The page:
Oscar's Best and Worst

Chatting About the Oscars

Oscar's Best and Worst

Chatting About the Oscars

Oscar's Best and Worst
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March 1 2004 1:10 PM

Chatting About the Oscars

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Dear David,

This was a definitive night of the Sweep. Had Peter Weir's Master and Commander not received the two kisses for cinematography or sound editing, Lord of the Rings would have been the most Oscared movie of all time, beating both Ben-Hur and Titanic.

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There were no meltdowns (Charlize wouldn't even really cry), fashion disasters, embarrassing speeches, king-of-the-world moments, upsets, or even mild surprises. Hollywood has a new reigning king in Peter Jackson—Spielberg has his work cut out for him. Jackson was humble, happily married to his creative partner, and clearly beloved by his cast and crew, with whom he labored for six long years. No ill will could be felt dripping from the walls of the plastic theater. Many a potentate has lessons to learn from King Peter.

The Bravest Little Spectator Award: Harvey Weinstein, for enduring the awards (given his story with LOTR), having to content himself with best supporting actress and best foreign film—a great one in the latter case, by the way.

Most Repeated Joke: Billy Crytal's "there's nobody left in New Zealand to thank" bit.

Most Discreet Political Joke: Sean Penn: "One thing every actor knows—aside from that there were no WMDs." And then dropping it, in an otherwise elegant acceptance speech.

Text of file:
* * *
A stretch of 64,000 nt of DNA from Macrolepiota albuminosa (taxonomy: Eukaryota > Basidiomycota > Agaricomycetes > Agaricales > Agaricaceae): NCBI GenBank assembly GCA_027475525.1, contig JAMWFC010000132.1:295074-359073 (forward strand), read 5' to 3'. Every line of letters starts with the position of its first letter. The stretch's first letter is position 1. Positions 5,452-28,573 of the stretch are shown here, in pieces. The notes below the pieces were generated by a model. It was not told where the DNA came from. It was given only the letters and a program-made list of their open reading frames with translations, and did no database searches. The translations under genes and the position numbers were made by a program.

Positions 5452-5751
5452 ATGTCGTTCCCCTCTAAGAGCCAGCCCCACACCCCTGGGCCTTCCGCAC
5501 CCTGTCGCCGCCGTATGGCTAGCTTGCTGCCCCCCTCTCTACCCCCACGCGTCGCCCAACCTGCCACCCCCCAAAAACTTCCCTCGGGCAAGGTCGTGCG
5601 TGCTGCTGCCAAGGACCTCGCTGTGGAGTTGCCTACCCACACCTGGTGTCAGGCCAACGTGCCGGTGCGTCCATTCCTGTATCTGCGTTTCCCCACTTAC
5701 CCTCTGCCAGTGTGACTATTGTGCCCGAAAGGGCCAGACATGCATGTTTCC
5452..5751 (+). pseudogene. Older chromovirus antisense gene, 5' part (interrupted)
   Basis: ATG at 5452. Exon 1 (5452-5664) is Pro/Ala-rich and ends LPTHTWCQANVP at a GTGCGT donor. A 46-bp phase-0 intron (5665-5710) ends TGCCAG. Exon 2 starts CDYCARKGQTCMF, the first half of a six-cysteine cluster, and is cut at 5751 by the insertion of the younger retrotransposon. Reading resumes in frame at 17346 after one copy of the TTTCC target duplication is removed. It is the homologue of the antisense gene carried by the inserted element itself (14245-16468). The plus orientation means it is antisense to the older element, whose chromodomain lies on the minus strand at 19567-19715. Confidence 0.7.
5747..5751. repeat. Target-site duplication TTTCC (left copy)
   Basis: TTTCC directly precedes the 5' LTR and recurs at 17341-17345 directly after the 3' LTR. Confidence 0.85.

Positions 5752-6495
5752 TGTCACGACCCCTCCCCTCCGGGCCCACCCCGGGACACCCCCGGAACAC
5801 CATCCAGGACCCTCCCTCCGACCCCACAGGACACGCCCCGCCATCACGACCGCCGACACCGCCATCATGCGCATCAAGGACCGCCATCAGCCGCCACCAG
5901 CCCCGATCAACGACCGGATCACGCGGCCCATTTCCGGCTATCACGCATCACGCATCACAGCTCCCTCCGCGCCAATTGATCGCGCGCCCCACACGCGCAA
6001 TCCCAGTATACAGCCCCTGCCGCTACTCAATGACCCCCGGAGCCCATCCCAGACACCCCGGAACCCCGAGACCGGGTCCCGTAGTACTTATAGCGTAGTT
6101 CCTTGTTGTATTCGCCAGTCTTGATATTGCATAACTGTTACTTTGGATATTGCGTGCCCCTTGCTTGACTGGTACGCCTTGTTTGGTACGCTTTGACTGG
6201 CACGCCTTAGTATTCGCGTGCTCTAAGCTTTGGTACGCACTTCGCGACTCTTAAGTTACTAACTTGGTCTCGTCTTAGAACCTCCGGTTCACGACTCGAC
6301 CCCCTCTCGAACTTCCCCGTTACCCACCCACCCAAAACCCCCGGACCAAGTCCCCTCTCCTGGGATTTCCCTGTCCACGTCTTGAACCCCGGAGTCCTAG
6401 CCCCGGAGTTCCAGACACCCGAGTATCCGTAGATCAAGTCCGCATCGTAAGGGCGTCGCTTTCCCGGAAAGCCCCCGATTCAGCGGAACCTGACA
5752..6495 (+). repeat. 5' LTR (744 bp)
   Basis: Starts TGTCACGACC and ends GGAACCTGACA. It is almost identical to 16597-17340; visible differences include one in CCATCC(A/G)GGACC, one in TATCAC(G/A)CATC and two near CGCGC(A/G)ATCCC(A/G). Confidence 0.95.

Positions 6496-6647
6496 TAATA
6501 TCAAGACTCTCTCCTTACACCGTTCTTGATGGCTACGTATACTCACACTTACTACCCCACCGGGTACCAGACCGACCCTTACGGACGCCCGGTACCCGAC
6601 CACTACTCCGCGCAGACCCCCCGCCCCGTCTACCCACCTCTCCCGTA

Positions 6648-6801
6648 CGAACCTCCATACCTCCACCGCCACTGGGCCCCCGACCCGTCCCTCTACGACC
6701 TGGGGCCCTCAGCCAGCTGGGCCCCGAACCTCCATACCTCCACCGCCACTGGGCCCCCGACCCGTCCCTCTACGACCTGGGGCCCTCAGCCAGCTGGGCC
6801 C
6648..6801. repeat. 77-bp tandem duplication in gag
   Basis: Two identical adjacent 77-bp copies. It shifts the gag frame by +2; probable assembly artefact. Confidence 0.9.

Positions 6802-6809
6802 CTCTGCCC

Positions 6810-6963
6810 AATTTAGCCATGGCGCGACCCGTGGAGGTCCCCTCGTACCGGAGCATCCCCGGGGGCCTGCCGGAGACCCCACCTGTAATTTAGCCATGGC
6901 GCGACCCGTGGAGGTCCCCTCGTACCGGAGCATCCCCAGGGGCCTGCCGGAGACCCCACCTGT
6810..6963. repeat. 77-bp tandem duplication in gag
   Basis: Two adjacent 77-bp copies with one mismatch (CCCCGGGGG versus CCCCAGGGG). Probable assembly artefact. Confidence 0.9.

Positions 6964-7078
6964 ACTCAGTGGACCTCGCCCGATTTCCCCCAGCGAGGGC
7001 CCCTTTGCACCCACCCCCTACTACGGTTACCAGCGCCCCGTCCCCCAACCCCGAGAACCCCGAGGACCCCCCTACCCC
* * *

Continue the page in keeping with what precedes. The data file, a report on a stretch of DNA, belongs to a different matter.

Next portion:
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Most Hilarious and Memorable Moment by Far: Jack Black and Will Ferrell, who sang "You're Boring," the heretofore unknown lyrics to the speech-squelching orchestral score.

Funniest Host Moment: Crystal for his ad-libs; they weren't quite Robin Williams-level, though, with one too many "Mrs. Billy Crystal" jokes.

Most Embarrassing Moment Not Saved by Self-Reflexive Jokes: Ben "Starsky" Stiller and Owen "Hutch" Wilson plugging their film.

Best Gown: Susan Sarandon, for showing that women over 50 are this year's dolls.

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Best Parental Whoop: Francis Ford Coppola, jumping out of his seat and defying gravity for the sake of his daughter—his body seemed infused with helium and joy.

Most Genuine Political Moment Suffused With Self-Congratulations: Errol Morris. Happy the academy finally recognized his documentary-making (as well they should), then dropping that line to point out we are falling down the Vietnam "rabbit hole" in Iraq.

Just thinking, David, it was only last year we were invading Iraq, and the swells were afraid to attend the awards—they thought they would look trivial trying to figure out what to wear while our troops were in danger. With our troops still in danger, now we're protesting … and wearing great gowns. What a difference a year makes.

Warmest,
Lynda

David Edelstein is Slate's film critic. Lynda Obst is a producer at Paramount Pictures and author of Hello, He Lied. She can be reached through her Web site, LyndaObst.com.